Thanks everyone. The tips were helpful. I do usually plant a few veggies each year and this year I am thinking of doing another square foot garden like I did many many years ago. Some things just grow in my yard so I will be going to a flea market near me which usually opens in April to scout out the produce vendors. I will keep you all posted on how everything works out. It's great to have a group of people who are in similar situations that I can bounce questions off of. Have a Blessed week all!!

GabbyPA 2012-02-06 15:39:05 -0600 Report

Your story is just like mine and it is so frustrating. I feel your pain in that. We had started going to the local church food banks. The ones I used had fresh fruits and veggies as well as simple meat, not the processed box stuff. That was about $62 for a two week supply of basics. It helped a lot. Unfortunately they closed, but there is a comparable one that is called Angel Food Ministries.

Ooops! Well, they too have closed down. Oh my! Well, I would say to investigate your local area for food banks from churches or other organizations and find out how they work. That really pulled us through some tough times.

Yesterday I got another blow of the financial kind and was up all night. I know how hard it can be. Like Nick was saying, the farmers market is a good route to go. Specially if you go at the end of the weekend or the day. They will almost give their products away. Make friends with a few vendors and they will help as well. I always get something free in my bag from a vendor that I use all the time. I never asked, they just appreciate my business.

What we finally started to do to take more control is to grow our own veggies. It helps a lot. Gives me something to focus on and enjoy. The thrill of seeing a little seed grow into a beautiful plant that feeds the bees and produces fruits for the family is very gratifying. You can start small with just a couple of potted tomatoes, lettuce or pepper plants. You will have enough from that to set aside for future use or barter for other things.

If you can avoid the purchase of the cheap junk foods and stick to better choices, you will make it.

Just Joyce
Just Joyce 2012-02-06 13:34:15 -0600 Report

Jan welcome to DC you have joined a wonderful family.

I am currently unemployed and my sisters salary cannot support both of us and out pet. I am able to get assistance for food and energy. Here are some tips that I use.

If you are able to garden you can do this in pots. My sister is a Master Gardener and a friend of ours does gardening in pots in her yard. You can do this if you are in an apartment with a balcony also. Seeds are cheap. We grew peppers, tomatoes, strawberries and lima beans in the yard in pots. My sister has a plot in our community garden and grows veggies there also. You can also grow herbs in pots. Find out if your community or if there is a community garden in your area. Go to the farmers they may give away veggies they don't want and take them a tool or seeds. They can always use them. Veggies are cheaper in season.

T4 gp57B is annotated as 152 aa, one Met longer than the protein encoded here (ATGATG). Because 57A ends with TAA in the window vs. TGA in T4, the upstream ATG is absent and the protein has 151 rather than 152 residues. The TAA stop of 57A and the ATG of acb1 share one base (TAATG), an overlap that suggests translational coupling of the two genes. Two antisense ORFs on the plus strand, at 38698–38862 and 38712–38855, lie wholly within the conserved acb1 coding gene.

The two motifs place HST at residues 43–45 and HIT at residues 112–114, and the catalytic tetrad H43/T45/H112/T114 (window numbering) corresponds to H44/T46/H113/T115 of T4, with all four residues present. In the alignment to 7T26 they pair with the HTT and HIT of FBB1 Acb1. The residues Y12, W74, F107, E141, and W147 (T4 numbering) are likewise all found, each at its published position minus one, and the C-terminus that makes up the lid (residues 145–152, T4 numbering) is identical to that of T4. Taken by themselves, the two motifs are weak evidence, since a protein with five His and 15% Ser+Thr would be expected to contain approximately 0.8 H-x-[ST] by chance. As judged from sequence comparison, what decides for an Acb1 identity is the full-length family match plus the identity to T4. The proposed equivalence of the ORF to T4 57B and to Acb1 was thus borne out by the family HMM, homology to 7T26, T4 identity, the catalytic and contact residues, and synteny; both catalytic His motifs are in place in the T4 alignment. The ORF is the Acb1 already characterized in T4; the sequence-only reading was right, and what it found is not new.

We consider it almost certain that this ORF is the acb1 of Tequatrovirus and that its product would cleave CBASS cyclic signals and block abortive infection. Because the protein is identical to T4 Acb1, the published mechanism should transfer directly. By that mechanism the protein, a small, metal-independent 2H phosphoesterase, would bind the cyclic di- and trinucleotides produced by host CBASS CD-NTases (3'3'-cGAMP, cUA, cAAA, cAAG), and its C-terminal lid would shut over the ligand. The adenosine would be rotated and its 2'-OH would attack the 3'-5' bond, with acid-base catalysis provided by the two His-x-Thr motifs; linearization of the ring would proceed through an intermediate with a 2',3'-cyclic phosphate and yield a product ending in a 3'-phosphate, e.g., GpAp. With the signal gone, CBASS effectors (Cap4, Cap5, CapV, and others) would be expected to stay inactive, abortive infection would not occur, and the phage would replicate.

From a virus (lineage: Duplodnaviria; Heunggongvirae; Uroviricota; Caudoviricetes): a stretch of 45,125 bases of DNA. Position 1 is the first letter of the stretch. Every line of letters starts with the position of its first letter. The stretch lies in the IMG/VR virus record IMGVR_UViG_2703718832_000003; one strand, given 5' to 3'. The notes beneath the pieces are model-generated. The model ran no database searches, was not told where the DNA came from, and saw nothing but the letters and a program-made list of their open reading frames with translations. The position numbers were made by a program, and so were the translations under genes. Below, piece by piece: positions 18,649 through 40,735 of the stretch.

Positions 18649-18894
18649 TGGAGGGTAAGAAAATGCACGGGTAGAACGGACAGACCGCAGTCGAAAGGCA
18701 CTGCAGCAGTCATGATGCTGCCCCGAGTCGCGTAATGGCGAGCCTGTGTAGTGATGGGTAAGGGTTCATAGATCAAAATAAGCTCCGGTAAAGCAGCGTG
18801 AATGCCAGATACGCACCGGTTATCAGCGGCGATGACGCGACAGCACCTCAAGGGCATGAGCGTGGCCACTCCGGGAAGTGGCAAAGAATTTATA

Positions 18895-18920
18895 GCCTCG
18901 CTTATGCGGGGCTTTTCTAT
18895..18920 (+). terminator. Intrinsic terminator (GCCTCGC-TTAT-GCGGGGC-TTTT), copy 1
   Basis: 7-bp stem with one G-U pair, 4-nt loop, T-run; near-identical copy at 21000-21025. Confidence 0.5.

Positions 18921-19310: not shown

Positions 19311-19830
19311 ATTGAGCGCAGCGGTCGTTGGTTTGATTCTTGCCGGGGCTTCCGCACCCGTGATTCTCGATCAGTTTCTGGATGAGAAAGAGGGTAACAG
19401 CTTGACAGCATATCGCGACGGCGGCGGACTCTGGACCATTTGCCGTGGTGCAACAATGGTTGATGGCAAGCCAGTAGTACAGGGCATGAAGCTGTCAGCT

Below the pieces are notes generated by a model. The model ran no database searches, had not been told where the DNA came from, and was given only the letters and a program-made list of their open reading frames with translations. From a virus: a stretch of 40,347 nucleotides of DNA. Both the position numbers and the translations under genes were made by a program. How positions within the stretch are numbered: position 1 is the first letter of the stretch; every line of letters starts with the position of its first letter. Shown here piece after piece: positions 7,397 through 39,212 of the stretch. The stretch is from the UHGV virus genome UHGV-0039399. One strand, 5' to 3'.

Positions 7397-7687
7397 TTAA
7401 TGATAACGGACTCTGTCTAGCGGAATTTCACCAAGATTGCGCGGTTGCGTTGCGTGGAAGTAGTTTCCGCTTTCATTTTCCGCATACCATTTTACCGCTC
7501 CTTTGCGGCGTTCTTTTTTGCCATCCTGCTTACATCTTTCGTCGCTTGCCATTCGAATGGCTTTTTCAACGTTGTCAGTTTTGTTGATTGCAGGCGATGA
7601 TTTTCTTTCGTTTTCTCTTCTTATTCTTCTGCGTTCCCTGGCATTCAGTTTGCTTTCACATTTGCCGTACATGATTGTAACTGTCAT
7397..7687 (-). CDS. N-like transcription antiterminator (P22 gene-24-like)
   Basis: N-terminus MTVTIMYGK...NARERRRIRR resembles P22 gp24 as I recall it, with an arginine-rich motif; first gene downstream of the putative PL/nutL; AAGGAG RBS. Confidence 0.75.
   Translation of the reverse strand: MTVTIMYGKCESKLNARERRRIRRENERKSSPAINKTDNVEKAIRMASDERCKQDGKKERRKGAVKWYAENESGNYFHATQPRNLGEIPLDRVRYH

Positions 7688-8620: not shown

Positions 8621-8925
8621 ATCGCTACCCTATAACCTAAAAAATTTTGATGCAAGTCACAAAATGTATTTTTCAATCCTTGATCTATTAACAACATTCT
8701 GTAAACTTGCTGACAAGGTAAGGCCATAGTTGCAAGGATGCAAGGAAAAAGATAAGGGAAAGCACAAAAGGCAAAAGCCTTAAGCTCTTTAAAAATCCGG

Go to farmers markets and buy veggies in bulk. You can cook and freeze them. Try going to farms in your area. Farmers may give you or sell you veggies at a lower rate because you are buying from them.

Cut Coupons and join coupon sites on the net. I joined Coupon Suzy and one other site.

Go to local bakeries for day old bread. We have a bakery here that has it's own store and they sell loaves of bread in bulk. I buy sourdough bread and rolls and freeze them.

I don't know what area you are in but we no longer have a Weis food market near us. If there is a Shoppers or Safeway near you, they offer items at 10 for $10.00 which is great for stocking up on canned goods or frozen food items.

If you drink milk, save a container and buy a gallon and freeze half. Make large pots of soups, chili and spaghetti and freeze them in serving size containers for one or two meals. You can also buy bulk Ground Beef, Chicken or Turkey and make hamburger patties and meat loafs and freeze them also. I also buy butter and freeze it when it is on sale. I don't use a lot of it but it goes a long way. If you see turkey on sale have them cut it in half and freeze it. Whole chickens are cheaper that cut up. You can cut it up yourself or you can cut it in half and freeze it. The key to freezing is to make sure you know the shelf life of the meats you are freezing. If you bake, make fruit pies in their own natural juices and freeze them also.

Look for Food Banks and contact Catholic Charities. They can direct you to services you may need. As for meds look for prescription cards. Some pharmacies will let you fill half of your prescribed meds. I get mine in 90 day increments and get them filled at Wal-Mart. Good Luck to you.

Nick1962 2012-02-06 12:12:45 -0600 Report

Welcome from me too!